Feeling cantankerous and bored isn't a good combination. Consider yeself forewarned.
Go read F-Train's recent post on "luck". Then read it again.
I try to take a pretty laissez-faire approach to stuff that floats around in the world of poker blogs. When it's all said and done, people tend to find their own paths. A few work their way to the point where they're consistently pulling money out of the world of poker, many don't. A few stick with it, continuting to blog and play, many don't.
But man. It makes my spleen ache sometimes to see the amount of misinformation and bad advice that gets dispensed, the negative behavior that gets reinforced, watching people continue to bleed chips away, while all they get is encouragement from the peanut gallery.
Collect and distill all of the pokery advice and strategy in the world and you can pretty much boil it down to the following:
Be honest with yourself.
Poker isn't some mystical, theatrical battle of psyches, karma, and/or creativity. It's just math and pattern recognition, and the willingness to recognize and learn from your mistakes.
If you've played many, many hands of poker and you're not winning, there's something wrong with your poker game. I'm sorry, but there just is.
It's not that you have bad luck because you bashed the last living dodo bird with a rock and supped on roasted dodo. It's not a matter of just adjusting your tinfoil hat into the perfect position. It's not that you just haven't found your style of play yet.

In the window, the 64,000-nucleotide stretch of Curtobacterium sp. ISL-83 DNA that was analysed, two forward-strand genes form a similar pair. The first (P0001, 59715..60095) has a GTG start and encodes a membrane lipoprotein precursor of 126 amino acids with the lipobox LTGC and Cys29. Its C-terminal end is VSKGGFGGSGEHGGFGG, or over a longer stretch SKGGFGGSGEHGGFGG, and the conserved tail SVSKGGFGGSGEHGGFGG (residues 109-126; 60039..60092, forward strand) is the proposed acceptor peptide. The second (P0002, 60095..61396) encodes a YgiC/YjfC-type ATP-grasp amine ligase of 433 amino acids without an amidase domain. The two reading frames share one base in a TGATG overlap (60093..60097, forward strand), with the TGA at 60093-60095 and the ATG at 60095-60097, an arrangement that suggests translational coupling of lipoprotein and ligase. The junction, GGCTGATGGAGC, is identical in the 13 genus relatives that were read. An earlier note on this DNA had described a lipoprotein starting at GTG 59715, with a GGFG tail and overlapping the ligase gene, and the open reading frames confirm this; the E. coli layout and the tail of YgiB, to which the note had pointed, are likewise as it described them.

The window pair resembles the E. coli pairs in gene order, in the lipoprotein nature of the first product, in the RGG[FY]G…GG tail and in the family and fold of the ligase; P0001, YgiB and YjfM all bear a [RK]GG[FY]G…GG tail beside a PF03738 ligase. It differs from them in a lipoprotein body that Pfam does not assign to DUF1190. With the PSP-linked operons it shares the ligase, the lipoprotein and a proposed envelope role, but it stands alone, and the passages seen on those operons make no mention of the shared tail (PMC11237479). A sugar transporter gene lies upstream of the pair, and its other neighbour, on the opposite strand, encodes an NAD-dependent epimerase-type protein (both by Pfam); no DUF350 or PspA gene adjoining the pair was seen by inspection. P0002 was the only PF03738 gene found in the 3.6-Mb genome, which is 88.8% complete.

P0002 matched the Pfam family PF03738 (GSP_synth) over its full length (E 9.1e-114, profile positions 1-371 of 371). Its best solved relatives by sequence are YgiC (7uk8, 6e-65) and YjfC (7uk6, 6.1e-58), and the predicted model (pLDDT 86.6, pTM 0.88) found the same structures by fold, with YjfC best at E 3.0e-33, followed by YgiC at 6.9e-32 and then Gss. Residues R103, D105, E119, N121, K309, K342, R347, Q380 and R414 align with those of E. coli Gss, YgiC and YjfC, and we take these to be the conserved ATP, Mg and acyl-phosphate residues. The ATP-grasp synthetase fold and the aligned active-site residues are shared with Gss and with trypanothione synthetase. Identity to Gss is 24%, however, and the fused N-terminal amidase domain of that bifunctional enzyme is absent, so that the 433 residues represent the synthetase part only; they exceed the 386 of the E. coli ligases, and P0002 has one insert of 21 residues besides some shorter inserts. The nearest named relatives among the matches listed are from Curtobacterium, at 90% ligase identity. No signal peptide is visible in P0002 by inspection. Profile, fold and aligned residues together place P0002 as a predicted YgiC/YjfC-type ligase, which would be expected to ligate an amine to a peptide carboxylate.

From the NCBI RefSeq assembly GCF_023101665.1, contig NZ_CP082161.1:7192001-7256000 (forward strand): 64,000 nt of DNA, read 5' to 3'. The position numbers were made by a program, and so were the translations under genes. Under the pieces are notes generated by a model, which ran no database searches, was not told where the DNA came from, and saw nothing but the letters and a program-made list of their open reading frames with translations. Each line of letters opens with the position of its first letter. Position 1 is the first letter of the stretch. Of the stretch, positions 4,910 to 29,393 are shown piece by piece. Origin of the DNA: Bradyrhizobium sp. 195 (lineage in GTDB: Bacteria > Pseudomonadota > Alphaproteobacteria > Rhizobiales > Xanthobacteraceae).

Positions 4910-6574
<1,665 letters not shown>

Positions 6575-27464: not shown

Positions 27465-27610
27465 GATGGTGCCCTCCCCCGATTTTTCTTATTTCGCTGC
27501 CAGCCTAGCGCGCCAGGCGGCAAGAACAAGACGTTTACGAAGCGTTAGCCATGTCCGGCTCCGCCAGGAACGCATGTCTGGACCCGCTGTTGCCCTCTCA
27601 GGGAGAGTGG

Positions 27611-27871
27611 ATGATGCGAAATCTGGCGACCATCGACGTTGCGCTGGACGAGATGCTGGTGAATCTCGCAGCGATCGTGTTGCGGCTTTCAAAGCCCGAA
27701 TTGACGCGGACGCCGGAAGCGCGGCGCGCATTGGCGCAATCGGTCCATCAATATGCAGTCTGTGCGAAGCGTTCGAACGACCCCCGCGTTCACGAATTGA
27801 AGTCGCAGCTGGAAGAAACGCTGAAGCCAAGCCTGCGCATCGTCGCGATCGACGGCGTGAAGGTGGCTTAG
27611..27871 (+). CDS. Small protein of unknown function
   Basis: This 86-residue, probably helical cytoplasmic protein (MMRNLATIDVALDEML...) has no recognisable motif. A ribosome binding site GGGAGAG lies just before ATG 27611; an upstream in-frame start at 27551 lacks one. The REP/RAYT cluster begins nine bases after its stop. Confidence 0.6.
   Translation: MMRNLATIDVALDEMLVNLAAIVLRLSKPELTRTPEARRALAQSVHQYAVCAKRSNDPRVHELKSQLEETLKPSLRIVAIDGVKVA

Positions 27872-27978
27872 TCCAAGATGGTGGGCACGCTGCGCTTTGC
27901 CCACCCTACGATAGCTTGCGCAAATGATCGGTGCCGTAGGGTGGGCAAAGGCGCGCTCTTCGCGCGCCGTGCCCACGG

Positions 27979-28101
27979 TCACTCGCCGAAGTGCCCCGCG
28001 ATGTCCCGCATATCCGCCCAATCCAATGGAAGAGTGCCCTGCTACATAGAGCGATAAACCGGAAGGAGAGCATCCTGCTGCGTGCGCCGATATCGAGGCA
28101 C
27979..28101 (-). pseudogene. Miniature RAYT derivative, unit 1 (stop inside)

It's because you're not being honest with yourself and because you're not using the plethora of resources available to pinpoint why you're losing, and to take the necessary steps to correct it.
Now, granted, you may be completely and entirely cool with that, playing recreationally, playing for fun, playing for the social aspects of poker. I completely and utterly understand that not everyone is looking to eek out those extra slivers of BB/100, and could largely care less about methodically grinding out profits at the tables. That is completely and utterly copacetic. To be brutally honest, you'll probably get much more pleasure and enjoyment out of poker in the long run if you take that approach.
But if you really and truly want to improve and to win money playing poker, well, there's the mirror. Be honest. Even if it hurts. Because that's what winning players do, each and every day, scrutinizing every single blemish and flaw and horribly misplayed, misbegotten hand they bequeathed onto the world.